Carlos Sainz believes Sir Lewis Hamilton is the most talented driver in F1, but Mercedes’ dominance makes it “impossible” to know.
Taking six World Championships in the last seven seasons, Hamilton has established himself as the dominant force in Formula 1.
But to do that, any driver needs a special team behind them, something which he certainly has in the form of Mercedes who have claimed every Drivers’ and Constructors’ Championship over the past seven campaigns.
Such dominant machinery naturally leads people to question how much of a role the driver truly plays in all the success, but Sainz believes Hamilton is genuinely the most talented driver on the Formula 1 grid and one of the greatest in Formula 1 history.
But the role the cars play in determining Formula 1 success means it’s “impossible” to be sure.
“I think Lewis is the best driver on the grid, I think he’s one of the most talented in history,” Sainz is quoted as saying by GPFans.
“But it’s impossible to know because there are only two Mercedes out there to drive, and that is my point.
“It’s unfortunate at the moment that the sport is so team and machine-driven while there is so much talent on the grid right now.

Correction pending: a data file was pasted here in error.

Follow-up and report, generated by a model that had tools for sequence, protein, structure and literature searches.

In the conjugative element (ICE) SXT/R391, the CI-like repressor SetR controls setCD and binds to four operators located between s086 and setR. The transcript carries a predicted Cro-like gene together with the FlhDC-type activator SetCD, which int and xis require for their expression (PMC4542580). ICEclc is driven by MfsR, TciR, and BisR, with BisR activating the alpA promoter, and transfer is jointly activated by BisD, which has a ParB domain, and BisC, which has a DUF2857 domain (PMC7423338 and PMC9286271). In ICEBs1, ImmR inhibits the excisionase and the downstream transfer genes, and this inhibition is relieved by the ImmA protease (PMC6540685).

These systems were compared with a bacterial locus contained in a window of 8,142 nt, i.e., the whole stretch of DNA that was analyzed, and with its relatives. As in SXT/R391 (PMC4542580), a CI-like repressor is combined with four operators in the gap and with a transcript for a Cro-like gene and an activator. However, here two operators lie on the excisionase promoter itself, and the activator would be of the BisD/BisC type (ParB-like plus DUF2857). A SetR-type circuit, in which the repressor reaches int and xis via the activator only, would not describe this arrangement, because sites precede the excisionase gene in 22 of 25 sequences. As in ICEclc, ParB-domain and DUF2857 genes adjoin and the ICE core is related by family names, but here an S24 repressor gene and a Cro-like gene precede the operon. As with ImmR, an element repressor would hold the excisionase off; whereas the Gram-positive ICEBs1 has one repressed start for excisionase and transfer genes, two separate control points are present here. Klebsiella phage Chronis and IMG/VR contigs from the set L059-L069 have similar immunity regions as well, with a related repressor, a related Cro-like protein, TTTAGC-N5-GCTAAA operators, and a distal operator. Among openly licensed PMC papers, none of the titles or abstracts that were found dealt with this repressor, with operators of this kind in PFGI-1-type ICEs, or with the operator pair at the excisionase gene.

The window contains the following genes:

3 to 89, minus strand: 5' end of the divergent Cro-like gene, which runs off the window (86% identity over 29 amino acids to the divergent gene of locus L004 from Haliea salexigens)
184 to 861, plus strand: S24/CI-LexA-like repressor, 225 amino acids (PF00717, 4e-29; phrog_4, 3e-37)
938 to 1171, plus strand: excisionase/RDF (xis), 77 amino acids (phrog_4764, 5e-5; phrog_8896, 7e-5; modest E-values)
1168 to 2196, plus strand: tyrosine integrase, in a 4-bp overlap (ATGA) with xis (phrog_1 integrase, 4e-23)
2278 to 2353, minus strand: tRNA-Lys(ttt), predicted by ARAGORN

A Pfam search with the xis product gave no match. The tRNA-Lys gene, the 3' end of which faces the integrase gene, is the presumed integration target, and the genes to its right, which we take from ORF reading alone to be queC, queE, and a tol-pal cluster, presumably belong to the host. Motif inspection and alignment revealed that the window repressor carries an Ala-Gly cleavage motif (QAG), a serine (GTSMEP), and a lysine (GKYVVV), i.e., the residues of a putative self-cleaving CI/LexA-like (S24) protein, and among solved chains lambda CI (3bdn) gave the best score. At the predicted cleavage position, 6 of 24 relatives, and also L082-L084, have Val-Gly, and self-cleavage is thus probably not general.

“All drivers could be within three-tenths of each other in a qualifying lap and then we are fighting for two seconds from the beginning to the end of the grid.”
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While Sainz is unlikely to be pestering Hamilton this season, the Spaniard will hope his switch to Ferrari will, in the long term, put him in the hunt for wins and Championships.
2021 then is an important preparation year ahead of the Formula 1 regulations overhaul arriving for 2022, seen as Ferrari’s best shot of returning to the front of the grid.
These new rules were delayed a year due to the global pandemic, with teams now carrying over their 2020 chassis in order to save costs.
This, though, has had a knock-on effect for drivers like Sainz who have switched teams, since pre-season testing has been reduced to just three days, which means only a day-and-a-half in Ferrari’s new challenger, the SF21, before the season-opener for Sainz.
But in this situation he finds a comparison to the debate over Hamilton – it is not that difficult to get up to speed quickly in an unfamiliar car, but to maximise its potential is.
“It’s not too difficult as a Formula 1 driver to be quick with a car you don’t know,” Sainz explained.
“What is difficult is to extract the last tenth, the last two-tenths of the car, and I think that’s what Lewis is particularly good at.”
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